René Bostic is the Technical VP of the IBM Cloud Unit in North America. Enjoying her career with IBM during the modern millennial technological era, she is an expert in cloud computing, DevOps and emerging cloud technologies such as Blockchain. Her strengths and core competencies include a proven record of accomplishments in consensus building at all levels to assess, plan, and implement enterprise and cloud computing solutions. René is a member of the Society of Women Engineers (SWE) and a m...
If a machine can invent, does this mean the end of the patent system as we know it? The patent system, both in the US and Europe, allows companies to protect their inventions and helps foster innovation. However, Artificial Intelligence (AI) could be set to disrupt the patent system as we know it. This talk will examine how AI may change the patent landscape in the years to come. Furthermore, ways in which companies can best protect their AI related inventions will be examined from both a US and...
In his general session at 19th Cloud Expo, Manish Dixit, VP of Product and Engineering at Dice, discussed how Dice leverages data insights and tools to help both tech professionals and recruiters better understand how skills relate to each other and which skills are in high demand using interactive visualizations and salary indicator tools to maximize earning potential. Manish Dixit is VP of Product and Engineering at Dice. As the leader of the Product, Engineering and Data Sciences team at D...
Bill Schmarzo, Tech Chair of "Big Data | Analytics" of upcoming CloudEXPO | DXWorldEXPO New York (November 12-13, 2018, New York City) today announced the outline and schedule of the track. "The track has been designed in experience/degree order," said Schmarzo. "So, that folks who attend the entire track can leave the conference with some of the skills necessary to get their work done when they get back to their offices. It actually ties back to some work that I'm doing at the University of San...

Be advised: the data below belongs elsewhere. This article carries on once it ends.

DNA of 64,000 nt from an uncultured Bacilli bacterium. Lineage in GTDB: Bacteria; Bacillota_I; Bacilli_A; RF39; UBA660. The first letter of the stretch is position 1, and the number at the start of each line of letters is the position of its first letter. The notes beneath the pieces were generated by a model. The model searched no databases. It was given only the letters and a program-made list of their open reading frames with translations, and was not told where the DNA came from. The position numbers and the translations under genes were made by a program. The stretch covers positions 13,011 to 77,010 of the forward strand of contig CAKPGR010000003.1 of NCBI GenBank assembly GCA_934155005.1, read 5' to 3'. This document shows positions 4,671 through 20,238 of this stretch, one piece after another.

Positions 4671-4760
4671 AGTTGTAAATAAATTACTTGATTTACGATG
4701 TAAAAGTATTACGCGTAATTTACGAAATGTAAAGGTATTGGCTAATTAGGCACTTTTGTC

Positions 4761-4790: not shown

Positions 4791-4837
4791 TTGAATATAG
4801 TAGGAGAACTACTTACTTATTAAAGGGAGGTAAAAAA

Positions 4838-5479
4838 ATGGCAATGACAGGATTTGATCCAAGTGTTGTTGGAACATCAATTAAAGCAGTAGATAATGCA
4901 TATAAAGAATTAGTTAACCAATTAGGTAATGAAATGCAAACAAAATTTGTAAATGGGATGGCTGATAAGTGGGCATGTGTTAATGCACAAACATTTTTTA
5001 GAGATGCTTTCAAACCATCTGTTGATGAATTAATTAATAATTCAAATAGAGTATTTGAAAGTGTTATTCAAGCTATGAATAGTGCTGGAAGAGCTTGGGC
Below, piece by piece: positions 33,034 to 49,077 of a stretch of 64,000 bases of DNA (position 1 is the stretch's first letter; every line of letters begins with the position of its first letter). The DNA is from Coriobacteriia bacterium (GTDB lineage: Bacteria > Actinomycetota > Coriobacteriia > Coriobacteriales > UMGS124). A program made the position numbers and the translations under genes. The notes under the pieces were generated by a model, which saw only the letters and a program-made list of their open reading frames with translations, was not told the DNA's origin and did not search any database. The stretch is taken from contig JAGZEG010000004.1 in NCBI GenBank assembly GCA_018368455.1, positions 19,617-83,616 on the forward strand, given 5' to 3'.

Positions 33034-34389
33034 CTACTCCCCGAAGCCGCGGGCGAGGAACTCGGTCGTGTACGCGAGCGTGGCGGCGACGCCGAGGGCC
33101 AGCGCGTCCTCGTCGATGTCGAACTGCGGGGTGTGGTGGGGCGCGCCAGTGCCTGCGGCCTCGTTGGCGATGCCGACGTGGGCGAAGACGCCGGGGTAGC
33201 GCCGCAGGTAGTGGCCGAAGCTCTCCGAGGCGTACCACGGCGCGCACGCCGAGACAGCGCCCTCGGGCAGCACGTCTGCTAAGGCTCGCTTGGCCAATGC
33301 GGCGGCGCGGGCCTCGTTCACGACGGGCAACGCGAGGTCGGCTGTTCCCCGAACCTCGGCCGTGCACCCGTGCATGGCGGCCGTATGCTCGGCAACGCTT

When talking IoT we often focus on the devices, the sensors, the hardware itself. The new smart appliances, the new smart or self-driving cars (which are amalgamations of many ‘things'). When we are looking at the world of IoT, we should take a step back, look at the big picture. What value are these devices providing. IoT is not about the devices, its about the data consumed and generated. The devices are tools, mechanisms, conduits. This paper discusses the considerations when dealing with the...
Bill Schmarzo, author of "Big Data: Understanding How Data Powers Big Business" and "Big Data MBA: Driving Business Strategies with Data Science," is responsible for setting the strategy and defining the Big Data service offerings and capabilities for EMC Global Services Big Data Practice. As the CTO for the Big Data Practice, he is responsible for working with organizations to help them identify where and how to start their big data journeys. He's written several white papers, is an avid blogge...
Dynatrace is an application performance management software company with products for the information technology departments and digital business owners of medium and large businesses. Building the Future of Monitoring with Artificial Intelligence. Today we can collect lots and lots of performance data. We build beautiful dashboards and even have fancy query languages to access and transform the data. Still performance data is a secret language only a couple of people understand. The more busine...
Enterprises have taken advantage of IoT to achieve important revenue and cost advantages. What is less apparent is how incumbent enterprises operating at scale have, following success with IoT, built analytic, operations management and software development capabilities - ranging from autonomous vehicles to manageable robotics installations. They have embraced these capabilities as if they were Silicon Valley startups.